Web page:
Justice Field in O'Neil v. Vermont178 argued in dissent that in addition to prohibiting punishments deemed barbarous and inhumane the Eighth Amendment also condemned "all punishments which by their excessive length or severity are greatly disproportionate to the offenses charged." In Weems v. United States,179 this view was adopted by the Court in striking down a sentence in the Philippine Islands of 15 years incarceration at hard labor with chains on the ankles, loss of all civil rights, and perpetual surveil-lance, for the offense of falsifying public documents. The Court compared the sentence with those meted out for other offenses and concluded: "This contrast shows more than different exercises of legislative judgment. It is greater than that. It condemns the sentence in this case as cruel and unusual. It exhibits a difference between unrestrained power and that which is exercised under the spirit of constitutional limitations formed to establish justice."180 Punishments as well as fines, therefore, can be condemned as excessive.181
In Robinson v. California182 the Court carried the principle to new heights, setting aside a conviction under a law making it a crime to "be addicted to the use of narcotics." The statute was unconstitutional because it punished the "mere status" of being an addict without any requirement of a showing that a defendant had ever used narcotics within the jurisdiction of the State or had committed any act at all within the State's power to proscribe, and because addiction is an illness which—however it is acquired—physiologically compels the victim to continue using drugs. The case could stand for the principle, therefore, that one may not be punished for a status in the absence of some act,183 or it could stand for the broader principle that it is cruel and unusual to punish someone for conduct he is unable to control, a holding of far-reaching importance.184 In Powell v. Texas,185 a majority of the Justices took the latter view of Robinson, but the result, because of a view of the facts held by one Justice, was a refusal to invalidate a conviction of an alcoholic for public drunkenness. Whether the Eighth Amendment or the due process clauses will govern the requirement of the recognition of capacity defenses to criminal charges, or whether either will, remains to be decided in future cases.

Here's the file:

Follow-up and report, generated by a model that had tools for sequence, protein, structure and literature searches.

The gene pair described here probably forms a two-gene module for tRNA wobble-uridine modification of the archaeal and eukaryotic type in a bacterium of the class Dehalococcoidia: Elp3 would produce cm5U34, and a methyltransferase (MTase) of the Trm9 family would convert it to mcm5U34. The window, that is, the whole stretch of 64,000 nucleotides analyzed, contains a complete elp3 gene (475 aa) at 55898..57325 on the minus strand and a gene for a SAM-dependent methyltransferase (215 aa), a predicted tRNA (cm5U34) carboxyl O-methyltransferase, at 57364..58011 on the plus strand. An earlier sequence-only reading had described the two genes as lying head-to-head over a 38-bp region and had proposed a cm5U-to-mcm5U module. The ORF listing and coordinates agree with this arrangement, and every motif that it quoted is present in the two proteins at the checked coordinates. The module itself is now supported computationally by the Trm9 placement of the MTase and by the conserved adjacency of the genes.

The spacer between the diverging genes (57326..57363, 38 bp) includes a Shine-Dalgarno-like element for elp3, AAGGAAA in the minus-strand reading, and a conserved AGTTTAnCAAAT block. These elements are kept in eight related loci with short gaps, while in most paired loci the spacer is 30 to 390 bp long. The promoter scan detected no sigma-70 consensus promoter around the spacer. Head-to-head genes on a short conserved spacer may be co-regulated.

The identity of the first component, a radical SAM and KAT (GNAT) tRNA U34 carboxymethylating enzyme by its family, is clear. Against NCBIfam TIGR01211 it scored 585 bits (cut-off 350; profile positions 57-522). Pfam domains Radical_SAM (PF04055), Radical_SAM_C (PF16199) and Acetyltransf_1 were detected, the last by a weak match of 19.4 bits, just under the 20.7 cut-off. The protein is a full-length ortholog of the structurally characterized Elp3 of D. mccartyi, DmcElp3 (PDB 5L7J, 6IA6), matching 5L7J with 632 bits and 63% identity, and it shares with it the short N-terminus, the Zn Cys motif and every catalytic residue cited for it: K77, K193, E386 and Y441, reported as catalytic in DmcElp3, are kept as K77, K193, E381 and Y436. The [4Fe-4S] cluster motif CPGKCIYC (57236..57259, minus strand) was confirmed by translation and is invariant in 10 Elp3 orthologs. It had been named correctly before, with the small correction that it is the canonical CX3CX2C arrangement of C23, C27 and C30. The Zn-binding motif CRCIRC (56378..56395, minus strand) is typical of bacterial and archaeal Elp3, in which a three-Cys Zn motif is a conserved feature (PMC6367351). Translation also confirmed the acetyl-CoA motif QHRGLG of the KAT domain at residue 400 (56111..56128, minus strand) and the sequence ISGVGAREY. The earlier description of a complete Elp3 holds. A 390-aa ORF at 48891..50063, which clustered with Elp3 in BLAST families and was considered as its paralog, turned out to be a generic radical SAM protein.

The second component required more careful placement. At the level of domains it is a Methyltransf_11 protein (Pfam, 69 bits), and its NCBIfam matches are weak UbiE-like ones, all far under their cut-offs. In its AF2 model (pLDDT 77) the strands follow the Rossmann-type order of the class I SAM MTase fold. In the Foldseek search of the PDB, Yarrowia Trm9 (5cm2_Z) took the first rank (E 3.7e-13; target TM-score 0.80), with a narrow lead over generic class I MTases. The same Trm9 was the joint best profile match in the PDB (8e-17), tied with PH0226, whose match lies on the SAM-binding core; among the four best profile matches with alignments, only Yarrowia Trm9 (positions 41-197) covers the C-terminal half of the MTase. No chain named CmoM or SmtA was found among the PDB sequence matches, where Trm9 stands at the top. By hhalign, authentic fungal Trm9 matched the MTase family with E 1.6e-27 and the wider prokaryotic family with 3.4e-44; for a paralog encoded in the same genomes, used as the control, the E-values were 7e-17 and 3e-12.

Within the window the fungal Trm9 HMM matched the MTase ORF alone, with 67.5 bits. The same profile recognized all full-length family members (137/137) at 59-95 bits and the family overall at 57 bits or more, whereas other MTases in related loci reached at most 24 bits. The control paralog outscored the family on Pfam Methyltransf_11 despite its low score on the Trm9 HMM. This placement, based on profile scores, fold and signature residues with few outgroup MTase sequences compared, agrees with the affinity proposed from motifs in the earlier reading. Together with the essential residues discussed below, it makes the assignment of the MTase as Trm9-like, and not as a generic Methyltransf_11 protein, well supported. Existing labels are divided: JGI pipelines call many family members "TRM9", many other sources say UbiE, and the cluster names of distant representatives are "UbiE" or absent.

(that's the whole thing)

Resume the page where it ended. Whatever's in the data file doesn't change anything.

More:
179 217 U.S. 349 (1910). The Court was here applying not the Eighth Amendment but a statutory bill of rights applying to the Philippines which it interpreted as having the same meaning. Id. at 367.
180 217 U.S. at 381.
181 "The Eighth Amendment succinctly prohibits 'excessive' sanctions." Atkins v. Virginia, 122 S. Ct. 2242, 2247 (2002) (applying proportionality review to determine whether execution of the mentally retarded is cruel and unusual). Proportionality in the context of capital punishment is considered supra under "Limitations on Capital Punishment: Proportionality."
182 370 U.S. 660 (1962).
183 A different approach to essentially the same problem was Thompson v. Louisville, 362 U.S. 199 (1960), in which a conviction for loitering and disorderly conduct was set aside as being supported by "no evidence whatever" that defendant had done anything. Cf. Johnson v. Florida, 391 U.S. 596 (1968) (no evidence that the defendant was "wandering or strolling around" in violation of vagrancy law).
184 Fully applied, the principle would raise to constitutional status the concept of mens rea, and it would thereby constitutionalize some form of insanity defense as well as other capacity defenses. For a somewhat different approach, see Lambert v. California, 355 U.S. 225 (1957) (due process denial for city to apply felon registration requirement to someone present in city but lacking knowledge of requirement). More recently, this controversy has become a due process matter, with the holding that the due process clause requires the prosecution to prove beyond a reasonable doubt the facts necessary to constitute the crime charged, Mullaney v. Wilbur, 421 U.S. 684 (1975), raising the issue of the insanity defense and other such questions. See Rivera v. Delaware, 429 U.S. 877 (1976), Patterson v. New York, 432 U.S. 197, 202-05 (1977). In Solem v. Helm, 463 U.S. 277, 297 n.22 (1983), an Eighth Amendment proportionality case, the Court suggested in dictum that life imprisonment without possibility of parole of a recidivist who was an alcoholic, and all of whose crimes had been influenced by his alcohol use, was "unlikely to advance the goals of our criminal justice system in any substantial way."